Although John Carter manages to entertain by the time the end credits roll, the film falls short of how great it should have been given the importance of Edgar Rice Burroughs’ stories. The character and his tales have influenced sci-fi films from Star Wars to Avatar, but his big screen adaptation feels flat despite its epic scope and solid visuals.
The big-budgeted Disney film marked the live-action directing debut for Andrew Stanton (Finding Nemo and WALL-E), and was co-written by Mark Andrews and Michael Chabon. It featured Taylor Kitsch in the heroic role of John Carter and Lynn Collins as the beautiful princess of Mars (or at least Princess of Helium) Dejah Thoris. It also featured the talented actors Mark Strong, Ciarán Hinds, Dominic West, James Purefoy, and Willem Dafoe.
The problem with the film can be seen in the opening moments as the story unfolds in a rather clunky fashion with the audience being quickly introduced to a war that is ravaging Mars (or Barsoom as it is called in the film). Sab Than (a scene chewing West), the Jeddak of Zodanga, has been given a powerful weapon by Matai Shang (Strong), a mysterious Thern, that he plans to use to make Tardos Mors (Hinds), the Jeddak of Helium, surrender his city. Mors is able to convince Than to spare his city by agreeing to let Than marry his daughter Dejah.
Back on Earth, former American Civil War Confederate Army captain John Carter is in the Arizona Territory looking for gold. Carter is a shell of a man who is haunted by the death of his wife and child during the Civil War. He also has a quick temper and knows how to fight. A run-in with Union soldiers and some local Apache helps Carter discover the gold mine he knew was hidden in the area, and also puts him face to face with a Thern. Following a quick fight and the use of a Thern medallion, Carter awakes on Mars.
Once on Mars, the film’s pace picks up and the sci-fi action goes into full throttle. Carter discovers his Earth bone density gives him the ability to leap for miles and somewhat super strength (sometimes he had it and sometimes he didn’t). He also gets captured by the green Martian Tharks and becomes a champion for their Jeddak Tars Tarkas (Dafoe).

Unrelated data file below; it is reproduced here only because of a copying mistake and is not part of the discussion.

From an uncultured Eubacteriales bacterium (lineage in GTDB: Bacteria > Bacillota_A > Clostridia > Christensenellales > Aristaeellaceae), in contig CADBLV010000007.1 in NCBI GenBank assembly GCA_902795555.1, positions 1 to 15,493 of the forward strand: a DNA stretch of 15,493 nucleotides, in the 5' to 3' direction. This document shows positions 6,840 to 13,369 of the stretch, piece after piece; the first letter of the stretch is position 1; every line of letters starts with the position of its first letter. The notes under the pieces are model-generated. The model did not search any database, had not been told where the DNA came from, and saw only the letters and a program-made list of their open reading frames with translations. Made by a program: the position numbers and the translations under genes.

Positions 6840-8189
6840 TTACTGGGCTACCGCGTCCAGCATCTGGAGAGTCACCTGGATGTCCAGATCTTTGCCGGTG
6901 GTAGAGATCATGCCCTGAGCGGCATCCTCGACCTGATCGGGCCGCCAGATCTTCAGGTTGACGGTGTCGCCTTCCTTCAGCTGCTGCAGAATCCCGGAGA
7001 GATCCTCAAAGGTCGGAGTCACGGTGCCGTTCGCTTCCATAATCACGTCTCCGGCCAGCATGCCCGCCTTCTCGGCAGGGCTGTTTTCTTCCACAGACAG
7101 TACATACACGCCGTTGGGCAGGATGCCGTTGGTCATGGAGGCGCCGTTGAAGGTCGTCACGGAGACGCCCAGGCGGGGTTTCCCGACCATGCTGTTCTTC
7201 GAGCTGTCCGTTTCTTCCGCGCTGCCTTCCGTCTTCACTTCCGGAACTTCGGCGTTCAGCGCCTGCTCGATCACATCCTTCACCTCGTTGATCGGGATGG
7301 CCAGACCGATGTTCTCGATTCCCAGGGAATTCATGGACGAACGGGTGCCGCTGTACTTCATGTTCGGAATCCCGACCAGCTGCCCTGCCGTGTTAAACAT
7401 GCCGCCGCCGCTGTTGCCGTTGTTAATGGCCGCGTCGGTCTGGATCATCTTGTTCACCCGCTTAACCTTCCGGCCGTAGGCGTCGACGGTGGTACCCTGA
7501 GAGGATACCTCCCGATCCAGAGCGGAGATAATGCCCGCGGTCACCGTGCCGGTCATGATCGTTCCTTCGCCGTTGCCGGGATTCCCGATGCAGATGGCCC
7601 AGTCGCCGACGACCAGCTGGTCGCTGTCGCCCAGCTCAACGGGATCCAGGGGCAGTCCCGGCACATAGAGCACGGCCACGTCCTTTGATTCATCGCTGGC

His stay with the green Martians doesn’t last as he flees with Tarkas’ daughter Sola (Morton) and Dejah to find the sacred river and Carter’s way home. Along the way, Carter falls in love with Dejah, and makes his decision to fight for her side.
The film builds at a predictable pace with Carter and Tharks joining forces with Helium to stop the Sab Than before he can marry Dejah.
Carter is also sent back to Earth by the scheming Matai Shang and is forced to use his riches from the gold mine to find a way back – which also leaves the film open for a sequel.
John Carter isn’t a bad movie and will probably get better with multiple viewings. The film just isn’t as good as it should have been given the importance of Burroughs’ stories. The film’s biggest problems are the result of dead dialogue, and an extremely stiff performance from Kitsch – who isn’t a good fit for the Carter role.
Kitsch is an extremely talented actor (as proven by his incredible performance as Tim Riggins on the Friday Night Lights television series), but just doesn’t seem to fit in the film. At times he seems bored, lost or trying to do his best Clint Eastwood impersonation. There is zero chemistry between Kitsch and Collins – which makes the romance aspects of the story feel rushed and forced.
Visually, the film captures the epic qualities of the story, and the CGI (while overdone at times) looks solid on Blu-ray’s crystal clear picture. The Blu-ray also comes with great special features that take you into the making of the movie and also shows the importance of Edgar Rice Burroughs’ character to science fiction. There are also several deleted scenes and a great blooper reel that will keep you laughing.
John Carter is a movie that will probably get better with age and managed to do several things right – despite some problems. It could have been better, but is an entertaining sci-fi epic.
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